RE: Saito Rusted Guts = Lost RPMs?


ORIGINAL: apwachholz

<span style=''font-size: medium;''>@mike early
</span><span style=''color: rgb(255, 0, 0);''>[*embarrassed look on face*] </span>Well, I kind of didn't remove the the thrust washer (I'm assuming its the washer that the prop bumps up against?). I just got frustrated and gave the crankshaft a good whack [img][/img] I did have a small stack of post-it notes in between to avoid direct hammer cotact with the shaft. What tool do you use from Harbor Freight? I was able to get the front bearing out with a well sized wooden dowl, propane heat, and a few good hammer hits to the dowl. I think I'll look a the socket and extension for the inside bearing. Good call on that....
<br type=''_moz'' />
i've been scared myself a few times removing the crankcase bearings.....my last one i had to heat up the case with a torn till it was practically smoking, i then put on a welders glove and slammed the sizzling hot crankcase on a wooden bard and it came right out....

Sport_Pilot 11-19-2012 07:06 AM

RE: Saito Rusted Guts = Lost RPMs?
Yes the castor varnish tends to stick too and build up on a spot of rust. But that's a good thing as it helps prevent the rust from spreading. It does make it look worse than it actually is, however.

apwachholz 11-19-2012 08:26 AM

RE: Saito Rusted Guts = Lost RPMs?
<div><span style="font-size: medium;">@mike early</span></div><div>I like the tool set for the bearings and I think that's going to be the route I'll take. While it is somewhat expensive, it's a lot cheaper then damaging the engine trying to remove them without the proper tools. :)</div><div></div><div><span style="font-size: medium;">@MetallicaJunkie</span></div><div>LOL! http://www.rcuniverse.com/forum/js/f...sn/biggrin.gifYes, that is exactly what I did with one of my engines. Had to use welding gloves to hang on to the crankcase. After talking to a friend who's an engineer for Delta, he said they would throw items into an oven to heat it up, then dump liquid nitrogen on the bearing and hammer it out.</div><div></div>My version of that is putting it in the freezer (in a plastic bag next to the frozen peas) then pulling it out, heating the crankcase quickly (but not so much as to fracture it), and then pound out the bearing. it seems to work better then doing it at room temp.

mike early 11-19-2012 10:56 AM

RE: Saito Rusted Guts = Lost RPMs?
I use a propane torch and a glove and a block of wood. Rarely, do I need to resort to the socket-extension method, but then too, I heat the case and use a glove.

Upon re-assembly with new bearings, I sometimes put the new bearings in the freezer if they are not going in without more force than I like.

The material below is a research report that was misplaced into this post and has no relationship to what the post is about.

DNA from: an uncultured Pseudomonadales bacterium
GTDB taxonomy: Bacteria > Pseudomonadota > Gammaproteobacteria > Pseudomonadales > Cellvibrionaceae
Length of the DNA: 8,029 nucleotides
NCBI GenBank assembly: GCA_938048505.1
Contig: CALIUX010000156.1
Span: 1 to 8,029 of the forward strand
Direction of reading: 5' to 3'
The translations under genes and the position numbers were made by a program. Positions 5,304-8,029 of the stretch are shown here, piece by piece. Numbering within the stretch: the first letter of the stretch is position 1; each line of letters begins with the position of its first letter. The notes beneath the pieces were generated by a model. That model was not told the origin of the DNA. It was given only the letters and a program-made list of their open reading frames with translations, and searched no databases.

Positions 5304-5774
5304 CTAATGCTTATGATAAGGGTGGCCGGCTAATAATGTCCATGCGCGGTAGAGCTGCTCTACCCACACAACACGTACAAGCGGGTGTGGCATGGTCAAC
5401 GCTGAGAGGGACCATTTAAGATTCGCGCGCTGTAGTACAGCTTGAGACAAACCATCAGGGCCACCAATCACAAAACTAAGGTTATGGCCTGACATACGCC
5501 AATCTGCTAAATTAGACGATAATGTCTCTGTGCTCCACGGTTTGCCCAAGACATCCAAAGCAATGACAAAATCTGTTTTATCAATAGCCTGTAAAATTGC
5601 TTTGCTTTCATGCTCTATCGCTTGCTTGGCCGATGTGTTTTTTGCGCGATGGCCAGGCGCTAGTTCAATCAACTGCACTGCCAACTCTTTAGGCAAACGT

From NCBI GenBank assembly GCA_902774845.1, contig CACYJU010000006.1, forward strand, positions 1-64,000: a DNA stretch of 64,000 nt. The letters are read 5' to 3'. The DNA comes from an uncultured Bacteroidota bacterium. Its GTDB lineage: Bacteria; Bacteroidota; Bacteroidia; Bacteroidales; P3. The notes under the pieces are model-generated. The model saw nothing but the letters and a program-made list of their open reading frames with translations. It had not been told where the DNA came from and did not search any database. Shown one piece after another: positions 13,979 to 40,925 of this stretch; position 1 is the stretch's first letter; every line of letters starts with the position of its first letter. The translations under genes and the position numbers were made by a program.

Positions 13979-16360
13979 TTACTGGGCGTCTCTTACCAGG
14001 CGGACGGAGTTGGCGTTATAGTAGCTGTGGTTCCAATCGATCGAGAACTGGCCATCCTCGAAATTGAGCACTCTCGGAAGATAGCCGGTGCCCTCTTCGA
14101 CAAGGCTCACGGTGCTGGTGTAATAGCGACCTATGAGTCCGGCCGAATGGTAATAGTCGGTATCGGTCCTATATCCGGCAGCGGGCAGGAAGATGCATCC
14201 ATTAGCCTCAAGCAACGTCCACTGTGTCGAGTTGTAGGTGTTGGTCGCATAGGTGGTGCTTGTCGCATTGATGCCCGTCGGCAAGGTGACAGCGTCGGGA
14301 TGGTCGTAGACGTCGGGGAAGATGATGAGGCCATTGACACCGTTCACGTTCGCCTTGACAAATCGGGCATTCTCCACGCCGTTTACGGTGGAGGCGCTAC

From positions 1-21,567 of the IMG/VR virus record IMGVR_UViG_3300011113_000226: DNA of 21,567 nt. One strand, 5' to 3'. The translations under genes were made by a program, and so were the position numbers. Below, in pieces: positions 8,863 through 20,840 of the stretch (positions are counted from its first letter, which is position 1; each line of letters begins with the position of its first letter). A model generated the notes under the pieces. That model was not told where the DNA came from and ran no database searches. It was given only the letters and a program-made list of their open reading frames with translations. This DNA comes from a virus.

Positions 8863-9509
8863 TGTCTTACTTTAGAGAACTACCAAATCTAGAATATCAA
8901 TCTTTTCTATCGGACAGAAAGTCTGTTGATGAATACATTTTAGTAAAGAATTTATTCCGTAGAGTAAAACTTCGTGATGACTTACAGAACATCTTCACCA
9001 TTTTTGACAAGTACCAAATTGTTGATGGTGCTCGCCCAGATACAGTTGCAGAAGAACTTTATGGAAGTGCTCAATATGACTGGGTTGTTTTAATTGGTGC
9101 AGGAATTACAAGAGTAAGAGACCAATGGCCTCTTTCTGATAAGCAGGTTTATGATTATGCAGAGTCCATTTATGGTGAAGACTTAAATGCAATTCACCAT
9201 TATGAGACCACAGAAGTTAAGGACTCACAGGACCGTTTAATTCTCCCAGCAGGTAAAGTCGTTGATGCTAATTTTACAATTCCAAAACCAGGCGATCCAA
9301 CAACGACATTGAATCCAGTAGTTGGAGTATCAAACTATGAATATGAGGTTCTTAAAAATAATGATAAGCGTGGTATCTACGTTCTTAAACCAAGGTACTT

Once I used too much heat on a crankcase and it would not hold the bearings tight enough afterwards. I permantly fatigued the aluminum, or something

Edwin 11-19-2012 12:35 PM

RE: Saito Rusted Guts = Lost RPMs?
I use a battery cable puller to remove the prop hub. You can get them from Harbor Freight too. Looks like this but doesnt cost this much. I paid about $15 I think.

apwachholz 11-20-2012 09:00 AM

RE: Saito Rusted Guts = Lost RPMs?
<div><span style="font-size: large;">Question 4 All:</span></div><div>What are the tools of the trade for dismantling an rc airplane engine? For those who enjoy it or are just starting to get into it - a list of tools that others have used that work (and are reasonably affordable) would be a great resource. I'm talking from a wood block (size and thickness?) to more sophisticated items like a bearing removal kit would be really nice to have on hand.</div><div></div><div>I have:</div><div></div><div style="margin-left: 40px;">Wood Dowels</div><div style="margin-left: 40px;">Diameter's "to fit" for hammering out bearings. Wood for the fact that they won't damage your parts (e.g., crankcase)</div><div style="margin-left: 40px;"></div><div style="margin-left: 40px;">Butane Torch</div><div style="margin-left: 40px;">For heating up engine casings to expand them for easier bearing removal.</div><div style="margin-left: 40px;"></div><div style="margin-left: 40px;">Fire Extinguisher</div><div style="margin-left: 40px;">For obvious reasons. If you're gonna torch something, you'd better have a way to put it out if it gets out of hand!</div><div style="margin-left: 40px;"></div><div style="margin-left: 40px;">Welding Gloves</div><div style="margin-left: 40px;">For handling super hot items (e.g., bearings and casings)</div><div style="margin-left: 40px;"></div><div style="margin-left: 40px;">Wood Block or Thick Workshop Table</div><div style="margin-left: 40px;">I don't ever use a hard surface to pound on my engines. And when I do (e.g., concrete floor) I pad it with a towel or thick newspaper to avoid direct contact.</div>

mike early 11-20-2012 10:10 AM

RE: Saito Rusted Guts = Lost RPMs?
I use a 2x4 about a foot long on my work table for crankcase-slamming. I use just work gloves to hold the engine after heating it with a propane torch. I rarely need anything besides that. When I do, I use a socket extension or a nut-driver of the proper size...a wood dowel of the proper size would be great.

For Installing Bearings, I pad my bench vise with rags and find the perfectly-sized socket to press the rear bearing in, so it goes straight. I once installed a rear bearing a little crooked and that will be the last time I slip on that banana peel. The front bearing I also use the bench vise padded with rags to press it in flush with the front of the case.

apwachholz 11-20-2012 11:19 AM

RE: Saito Rusted Guts = Lost RPMs?
<span style="font-size: medium;">@mike early</span>
Ah...! A vice.... brilliant... I need to get me one of those...http://www.rcuniverse.com/forum/js/f...sn/biggrin.gif

mike early 11-20-2012 11:29 AM

RE: Saito Rusted Guts = Lost RPMs?
I sometimes heat the case a bit and/or freeze the bearings before installation, they sometimes merely drop into the correct position...